We get asked a lot of questions when people playing Conservation Crisis, most of which are about real-world conservation issues they find out about from the game. One of the most common questions is ‘how can giving someone a job save wildlife?’
It’s a valid question – on the face of it, there doesn’t seem to be any link with wildlife. So why is it important?
In short, to help stop poaching and to gain the support of local communities for conservation work.
Most poaching is not malicious – it is often carried out by people who are struggling to get an income to support themselves and their families, so are forced to rely on poaching.
Perhaps the best example of this comes from the work of the Pole Pole Foundation, a Congolese Gorilla Conservation Charity. The founder of the charity, John Kahekwa, was talking to poachers who had been arrested and he asked them ‘why do you poach?’. They all replied, ‘empty stomachs have no ears.’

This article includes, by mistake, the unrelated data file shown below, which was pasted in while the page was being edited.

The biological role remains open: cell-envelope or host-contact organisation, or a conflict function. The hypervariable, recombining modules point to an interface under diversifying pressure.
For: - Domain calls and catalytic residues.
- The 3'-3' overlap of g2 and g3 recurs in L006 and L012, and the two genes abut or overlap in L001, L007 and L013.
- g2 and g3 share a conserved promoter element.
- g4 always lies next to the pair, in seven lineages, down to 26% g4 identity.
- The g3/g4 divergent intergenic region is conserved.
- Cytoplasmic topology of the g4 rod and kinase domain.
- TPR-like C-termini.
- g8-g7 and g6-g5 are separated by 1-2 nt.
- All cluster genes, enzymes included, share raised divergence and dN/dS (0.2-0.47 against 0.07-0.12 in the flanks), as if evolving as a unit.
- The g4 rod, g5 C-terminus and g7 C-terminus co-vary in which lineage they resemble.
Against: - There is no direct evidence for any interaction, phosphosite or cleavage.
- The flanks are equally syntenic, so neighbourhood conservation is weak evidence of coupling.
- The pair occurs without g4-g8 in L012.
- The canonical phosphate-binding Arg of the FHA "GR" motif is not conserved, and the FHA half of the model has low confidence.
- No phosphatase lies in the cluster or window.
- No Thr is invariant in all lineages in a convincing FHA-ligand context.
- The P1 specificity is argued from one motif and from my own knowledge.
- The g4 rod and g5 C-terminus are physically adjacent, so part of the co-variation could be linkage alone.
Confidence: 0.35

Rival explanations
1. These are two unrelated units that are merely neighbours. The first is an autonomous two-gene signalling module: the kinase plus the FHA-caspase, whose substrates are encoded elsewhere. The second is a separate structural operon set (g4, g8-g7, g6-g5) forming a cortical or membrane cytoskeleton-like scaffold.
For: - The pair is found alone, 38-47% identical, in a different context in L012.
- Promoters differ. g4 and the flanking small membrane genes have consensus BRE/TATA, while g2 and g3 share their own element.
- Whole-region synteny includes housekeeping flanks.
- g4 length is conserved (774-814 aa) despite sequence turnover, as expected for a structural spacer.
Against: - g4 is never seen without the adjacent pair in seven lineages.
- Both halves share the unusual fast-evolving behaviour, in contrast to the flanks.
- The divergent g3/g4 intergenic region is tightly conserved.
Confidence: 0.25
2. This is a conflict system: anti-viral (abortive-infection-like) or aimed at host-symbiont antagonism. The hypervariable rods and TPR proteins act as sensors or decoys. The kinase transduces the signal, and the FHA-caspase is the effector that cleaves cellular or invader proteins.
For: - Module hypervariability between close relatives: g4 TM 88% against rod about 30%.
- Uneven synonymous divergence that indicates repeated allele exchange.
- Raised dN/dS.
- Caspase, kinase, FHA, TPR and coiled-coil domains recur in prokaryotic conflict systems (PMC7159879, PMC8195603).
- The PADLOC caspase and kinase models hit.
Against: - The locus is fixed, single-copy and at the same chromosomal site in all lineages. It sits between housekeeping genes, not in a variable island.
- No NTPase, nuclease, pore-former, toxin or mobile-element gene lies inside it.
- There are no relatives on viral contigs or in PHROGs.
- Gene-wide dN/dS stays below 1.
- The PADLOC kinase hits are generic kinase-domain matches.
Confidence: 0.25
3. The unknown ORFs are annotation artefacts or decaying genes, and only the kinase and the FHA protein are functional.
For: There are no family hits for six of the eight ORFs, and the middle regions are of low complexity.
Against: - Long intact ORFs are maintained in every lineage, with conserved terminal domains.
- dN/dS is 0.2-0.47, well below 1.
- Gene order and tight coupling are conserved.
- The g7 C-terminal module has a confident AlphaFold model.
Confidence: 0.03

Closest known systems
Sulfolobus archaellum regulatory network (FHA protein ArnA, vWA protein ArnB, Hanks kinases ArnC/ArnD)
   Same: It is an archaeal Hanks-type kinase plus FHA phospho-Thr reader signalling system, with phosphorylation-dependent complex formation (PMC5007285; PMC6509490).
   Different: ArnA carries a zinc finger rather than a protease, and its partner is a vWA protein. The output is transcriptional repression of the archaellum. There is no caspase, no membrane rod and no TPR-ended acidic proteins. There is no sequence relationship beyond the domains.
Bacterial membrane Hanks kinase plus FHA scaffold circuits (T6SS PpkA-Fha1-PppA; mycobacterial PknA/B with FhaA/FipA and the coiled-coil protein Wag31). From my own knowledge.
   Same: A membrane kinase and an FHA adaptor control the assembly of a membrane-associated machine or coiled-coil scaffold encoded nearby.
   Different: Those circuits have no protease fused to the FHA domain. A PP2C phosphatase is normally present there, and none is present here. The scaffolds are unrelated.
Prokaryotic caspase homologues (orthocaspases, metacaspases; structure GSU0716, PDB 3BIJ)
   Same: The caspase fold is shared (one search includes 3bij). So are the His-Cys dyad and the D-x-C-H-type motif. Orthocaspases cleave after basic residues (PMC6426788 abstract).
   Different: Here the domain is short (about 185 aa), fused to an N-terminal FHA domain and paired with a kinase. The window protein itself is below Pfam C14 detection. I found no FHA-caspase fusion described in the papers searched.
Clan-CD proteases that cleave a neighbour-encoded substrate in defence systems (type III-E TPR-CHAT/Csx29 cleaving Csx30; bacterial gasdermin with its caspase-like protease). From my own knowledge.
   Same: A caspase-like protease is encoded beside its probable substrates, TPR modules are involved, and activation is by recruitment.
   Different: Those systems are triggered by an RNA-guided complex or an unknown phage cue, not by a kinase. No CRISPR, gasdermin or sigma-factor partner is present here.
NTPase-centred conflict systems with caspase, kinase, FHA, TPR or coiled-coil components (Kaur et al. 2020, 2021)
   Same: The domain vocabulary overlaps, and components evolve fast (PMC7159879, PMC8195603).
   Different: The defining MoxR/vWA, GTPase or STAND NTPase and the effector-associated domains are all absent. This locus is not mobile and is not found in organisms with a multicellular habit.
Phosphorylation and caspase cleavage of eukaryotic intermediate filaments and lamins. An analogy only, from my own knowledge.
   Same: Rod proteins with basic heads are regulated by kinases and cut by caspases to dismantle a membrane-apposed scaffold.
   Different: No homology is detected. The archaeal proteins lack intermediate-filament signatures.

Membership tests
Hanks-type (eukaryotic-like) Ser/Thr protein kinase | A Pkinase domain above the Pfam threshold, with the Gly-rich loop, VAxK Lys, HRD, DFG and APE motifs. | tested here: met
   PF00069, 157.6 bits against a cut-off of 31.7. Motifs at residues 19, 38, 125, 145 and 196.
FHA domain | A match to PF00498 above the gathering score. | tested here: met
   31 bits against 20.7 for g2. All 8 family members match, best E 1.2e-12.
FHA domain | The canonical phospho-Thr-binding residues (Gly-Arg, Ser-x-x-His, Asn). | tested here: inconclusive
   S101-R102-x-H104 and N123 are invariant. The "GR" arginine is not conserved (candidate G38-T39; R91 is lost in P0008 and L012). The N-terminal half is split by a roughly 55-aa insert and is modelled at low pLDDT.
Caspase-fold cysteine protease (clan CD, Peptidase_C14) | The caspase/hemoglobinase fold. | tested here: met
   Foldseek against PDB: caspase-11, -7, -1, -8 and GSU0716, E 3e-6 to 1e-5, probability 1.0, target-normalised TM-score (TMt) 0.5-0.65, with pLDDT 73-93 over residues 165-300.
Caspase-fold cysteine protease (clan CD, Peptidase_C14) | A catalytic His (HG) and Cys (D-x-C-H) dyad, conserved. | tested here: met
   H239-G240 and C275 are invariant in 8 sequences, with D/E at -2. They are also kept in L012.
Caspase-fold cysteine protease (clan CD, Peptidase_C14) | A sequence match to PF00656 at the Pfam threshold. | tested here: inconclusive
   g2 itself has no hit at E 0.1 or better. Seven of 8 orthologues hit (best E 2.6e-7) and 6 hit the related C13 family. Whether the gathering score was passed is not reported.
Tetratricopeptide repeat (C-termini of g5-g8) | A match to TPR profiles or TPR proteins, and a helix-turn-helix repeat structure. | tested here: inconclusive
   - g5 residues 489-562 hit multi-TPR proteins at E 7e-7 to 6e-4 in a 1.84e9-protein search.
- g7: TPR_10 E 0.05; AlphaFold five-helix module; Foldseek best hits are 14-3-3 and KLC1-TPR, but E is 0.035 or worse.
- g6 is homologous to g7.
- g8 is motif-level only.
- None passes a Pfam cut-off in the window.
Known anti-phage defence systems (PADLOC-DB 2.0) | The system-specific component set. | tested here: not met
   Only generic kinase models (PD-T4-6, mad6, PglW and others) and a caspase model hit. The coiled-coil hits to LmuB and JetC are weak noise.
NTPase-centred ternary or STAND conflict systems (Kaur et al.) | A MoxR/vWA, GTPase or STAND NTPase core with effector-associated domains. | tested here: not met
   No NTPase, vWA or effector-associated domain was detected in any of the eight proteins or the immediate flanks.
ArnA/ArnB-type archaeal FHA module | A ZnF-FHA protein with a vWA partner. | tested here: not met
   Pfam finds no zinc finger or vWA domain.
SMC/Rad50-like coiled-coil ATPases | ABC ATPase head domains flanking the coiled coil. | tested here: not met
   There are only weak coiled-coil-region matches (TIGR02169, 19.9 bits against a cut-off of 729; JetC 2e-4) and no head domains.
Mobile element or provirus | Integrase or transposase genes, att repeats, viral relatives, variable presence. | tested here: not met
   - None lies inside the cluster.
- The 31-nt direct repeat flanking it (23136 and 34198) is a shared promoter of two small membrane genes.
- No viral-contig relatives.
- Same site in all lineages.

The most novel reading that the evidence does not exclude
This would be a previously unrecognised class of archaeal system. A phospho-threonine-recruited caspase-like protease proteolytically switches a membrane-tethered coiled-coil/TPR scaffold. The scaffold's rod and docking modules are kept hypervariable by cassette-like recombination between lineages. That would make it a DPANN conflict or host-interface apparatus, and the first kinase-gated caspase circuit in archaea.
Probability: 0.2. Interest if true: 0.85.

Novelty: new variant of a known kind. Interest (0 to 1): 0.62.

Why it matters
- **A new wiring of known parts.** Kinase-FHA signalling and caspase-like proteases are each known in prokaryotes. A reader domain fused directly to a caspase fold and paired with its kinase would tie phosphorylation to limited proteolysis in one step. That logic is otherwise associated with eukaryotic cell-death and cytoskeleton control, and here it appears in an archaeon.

Because they were struggling to earn a living, they had to poach, so all the messages about how wrong it was fell on deaf ears as they had no other choice. By offering them jobs, such as carving sculptures and developing livestock businesses, these poachers turned into protectors; some of their children are now at the charity’s school, studying so that they can become rangers to protect the wildlife their parents used to hunt.
There are more lucrative forms of poaching, such as hunting rhino horn and elephant ivory, which is worth thousands of pounds. But even in these cases, the individuals carrying out the poaching will be paid the least, and often become involved because their alternative employment options are so poor.
Some poaching is malicious and must be dealt with as the criminal activity that it is – especially for those involved in the international smuggling and sale of illegal wildlife products. But in many cases, providing support to people to offer an alternative to poaching can be a more effective process than carrying out arrests.
We’ve replicated this in Conservation Crisis by giving you the opportunity to run livelihood schemes to create employment for your local communities. If you run these schemes, not only will you reduce poaching, but you’ll also gain wildlife through the game as the safety of your reserve helps your species recover. And by supporting your community, you’ll gain their support for your conservation work, multiplying the impact you have.
So giving jobs to people really can save wildlife, and by getting the local community on side conservation work is much more effective.